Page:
Their mailbox became lined notebook paper into which they slipped impassioned notes.  He drew 2 gold rings on one letter and asked her to be his Mate.  She drew a heart on a small pick notepaper with the words “Yes, I will” inside it.  She summoned him a few more times, so they could talk alone.  No one seemed to notice except the 2 of them.  They were careful not to hug, kiss, or use any obvious gesture to show their love.  They felt stressed but happy, and both saw not a prison but a precious place where they found each other.  The plain-colored walls seemed infused with rainbows all around them, and they looked forward to each day they would be together.  Selah’s drives across the desert seemed shorter.  Diego’s nights alone in his narrow bunk, in the dormitory with 100 other inmates, passed quicker.

“Love changes everything,” Selah said to De Leon the day before Heart’s Day.  She had dismissed her tutors early after De Leon showed up for the afternoon tutoring session. Lately they could not be alone at all in the afternoon, when the classroom was full with tech users and students in need of reading or math.  But this day, they found themselves alone among the red hearts that Selah had decorated around the room on bright-colored paper.

“You know, I was amazed that my Counselor put me right into your class,” Diego told her as they sat at a respectful distance from each other.  “I arrived during the Autumn festivals and started in your class that first week. Many inmates wait months before they can get into Education.”

“Oh, I didn’t know,” Selah said.  She unconsciously leaned toward Diego so that he would not have to speak loudly.  “I’m afraid I didn’t really notice what was going on back then.”  She didn’t want to explain how sad she had felt that her daughter had moved away to the Golden City after a tragedy hit them both—and how lonely she was with the holidays approaching.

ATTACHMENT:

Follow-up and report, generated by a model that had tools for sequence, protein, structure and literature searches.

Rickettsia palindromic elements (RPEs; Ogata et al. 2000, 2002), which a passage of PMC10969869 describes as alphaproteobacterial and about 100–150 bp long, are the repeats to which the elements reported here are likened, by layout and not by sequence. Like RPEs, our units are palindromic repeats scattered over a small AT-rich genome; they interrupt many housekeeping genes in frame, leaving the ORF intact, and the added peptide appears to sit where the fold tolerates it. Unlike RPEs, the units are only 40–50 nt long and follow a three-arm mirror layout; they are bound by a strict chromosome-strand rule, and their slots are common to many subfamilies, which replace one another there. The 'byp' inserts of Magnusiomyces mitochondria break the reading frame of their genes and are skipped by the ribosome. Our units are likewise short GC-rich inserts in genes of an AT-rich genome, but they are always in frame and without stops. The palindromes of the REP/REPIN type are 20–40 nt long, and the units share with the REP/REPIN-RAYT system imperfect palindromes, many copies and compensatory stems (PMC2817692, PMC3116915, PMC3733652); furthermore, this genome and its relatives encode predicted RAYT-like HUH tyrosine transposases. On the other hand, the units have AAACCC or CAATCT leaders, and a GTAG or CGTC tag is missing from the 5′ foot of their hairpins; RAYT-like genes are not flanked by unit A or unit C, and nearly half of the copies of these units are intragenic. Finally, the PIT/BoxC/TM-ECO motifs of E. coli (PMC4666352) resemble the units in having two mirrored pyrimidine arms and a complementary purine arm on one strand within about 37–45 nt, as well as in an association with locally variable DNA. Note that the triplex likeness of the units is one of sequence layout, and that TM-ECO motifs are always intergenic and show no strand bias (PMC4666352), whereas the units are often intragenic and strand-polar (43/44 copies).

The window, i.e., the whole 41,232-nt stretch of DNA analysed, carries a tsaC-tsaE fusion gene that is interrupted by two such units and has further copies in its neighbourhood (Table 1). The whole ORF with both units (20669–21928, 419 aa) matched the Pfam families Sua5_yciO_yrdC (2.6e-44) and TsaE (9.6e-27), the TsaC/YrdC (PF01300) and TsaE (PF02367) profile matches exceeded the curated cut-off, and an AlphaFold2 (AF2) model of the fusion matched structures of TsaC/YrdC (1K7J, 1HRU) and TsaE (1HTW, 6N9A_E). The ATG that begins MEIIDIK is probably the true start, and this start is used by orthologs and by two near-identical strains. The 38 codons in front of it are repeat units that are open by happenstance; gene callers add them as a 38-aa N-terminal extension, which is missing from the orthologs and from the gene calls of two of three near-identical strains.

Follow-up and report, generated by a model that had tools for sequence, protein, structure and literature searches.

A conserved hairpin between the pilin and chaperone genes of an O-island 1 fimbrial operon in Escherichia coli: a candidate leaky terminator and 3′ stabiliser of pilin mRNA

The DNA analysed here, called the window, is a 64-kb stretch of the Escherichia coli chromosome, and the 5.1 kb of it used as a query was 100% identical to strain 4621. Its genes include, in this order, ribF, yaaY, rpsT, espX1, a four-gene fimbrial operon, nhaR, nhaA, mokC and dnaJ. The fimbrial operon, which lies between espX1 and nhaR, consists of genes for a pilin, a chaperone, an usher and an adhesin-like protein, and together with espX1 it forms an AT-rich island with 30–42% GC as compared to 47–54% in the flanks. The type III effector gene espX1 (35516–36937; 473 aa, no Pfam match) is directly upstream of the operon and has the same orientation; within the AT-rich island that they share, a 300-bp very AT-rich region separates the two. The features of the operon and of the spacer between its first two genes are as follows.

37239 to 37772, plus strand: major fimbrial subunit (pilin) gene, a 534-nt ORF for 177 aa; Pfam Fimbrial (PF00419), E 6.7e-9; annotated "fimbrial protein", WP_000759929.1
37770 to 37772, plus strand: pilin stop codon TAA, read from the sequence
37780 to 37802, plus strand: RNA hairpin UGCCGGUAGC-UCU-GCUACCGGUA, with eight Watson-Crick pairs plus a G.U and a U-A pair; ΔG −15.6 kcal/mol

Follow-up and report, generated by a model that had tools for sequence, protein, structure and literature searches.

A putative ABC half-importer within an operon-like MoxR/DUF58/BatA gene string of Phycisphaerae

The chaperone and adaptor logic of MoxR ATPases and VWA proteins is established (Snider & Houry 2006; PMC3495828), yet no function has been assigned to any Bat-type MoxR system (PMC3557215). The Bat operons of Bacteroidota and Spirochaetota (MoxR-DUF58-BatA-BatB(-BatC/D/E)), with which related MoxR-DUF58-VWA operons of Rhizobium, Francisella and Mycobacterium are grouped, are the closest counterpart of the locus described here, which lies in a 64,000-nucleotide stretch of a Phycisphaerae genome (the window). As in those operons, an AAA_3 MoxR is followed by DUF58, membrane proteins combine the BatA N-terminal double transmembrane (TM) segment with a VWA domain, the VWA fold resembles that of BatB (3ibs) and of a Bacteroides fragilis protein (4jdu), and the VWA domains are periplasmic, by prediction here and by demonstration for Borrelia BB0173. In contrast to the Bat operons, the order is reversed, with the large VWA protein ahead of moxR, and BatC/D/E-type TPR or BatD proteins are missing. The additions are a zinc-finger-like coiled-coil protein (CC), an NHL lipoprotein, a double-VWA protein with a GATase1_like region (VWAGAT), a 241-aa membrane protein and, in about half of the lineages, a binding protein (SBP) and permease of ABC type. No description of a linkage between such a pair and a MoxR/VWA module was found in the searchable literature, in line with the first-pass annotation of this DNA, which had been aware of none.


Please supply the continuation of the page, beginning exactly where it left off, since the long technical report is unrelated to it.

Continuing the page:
Diego noticed the shadow that passed over her blue-green eyes.  “I saw how sad you were, and how beautiful,” he said in a low voice.

Selah never much considered how she looked or put her faith into appearances.  She was wearing a red blouse that made her hair look brighter, and her silver necklace shone with crystals formed in the shape of the Maker’s Seal.  Diego couldn’t help reaching out his hand toward her.

“Remember how I wrote that you have a hot smile?” he asked.

Selah blushed almost as red as her blouse. “Yes,” she whispered, smiling. She reached out and clasped his hand in hers.

“By the Maker!” they both exclaimed at the unexpected, forbidden touch of skin to skin.

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“Selah of the Desert” Chapter One


These are 5 of my 7 books on Amazon.  The one to the far right is my fantasy novel, “Selah of the Summit.”  On the cover, I am Selah, posing in an outfit I wore to the Big Bear Renaissance Faire.  Selah is a slave girl trapped in a desert prison.  One day, a stranger appears at a banquet where she must serve her cruel Master.  He gives her a snowflake, and everything changes.  Follow Selah’s journey to the top of the Summit, as she finds freedom, friends, enemies, and love–along the way.

Now I am writing a new Selah book, set in the California High Desert (which I call the Apocalypse Desert).  A thousand years after the first Selah lived, a new Selah works in a desert prison.  Five days a week, she drives across the Apocalypse Desert to teach inmates.  At Christmas, one of her students gives her a sweet Christmas card, and everything changes.

“You can be walking down the same hallway you have trod for years.  Then, one day, you turn the corner, and everything changes,” is my favorite quote from my Selah books.  Do you think you are stuck on a sad, never-ending, doomed old road?  Do miracles still happen in our modern world as they did in the old days?  May you find help from The Maker, as Selah did!

Geo Prison

Here is Chapter One from “Selah of the Desert”

A Prison in the Desert

           The sun was not up yet.  Faint wisps of pink and orange clouds like feathers drifted above the eastern horizon. Selah looked up at them as she stepped out of the house and braced herself for cold air.  Wind blew down from snow-covered mountains that surrounded the High Desert.  Selah wrapped her jacket around her and pulled on her gloves as she balanced 2 bags, a travel coffee mug, and the scarf she had not yet wound around her neck. Her red-gold hair, annoyingly curly, peeked out beneath a black knit cap.

“It might snow today,” she mumbled to no one as she locked the door behind her and approached a white car that was covered with ice.  “Funny that they call this a desert when it snows sometimes!” she exclaimed, as if the silent auto could hear.  “Now I’ve got to warm you up and melt off all that ice so that we can drive to work.”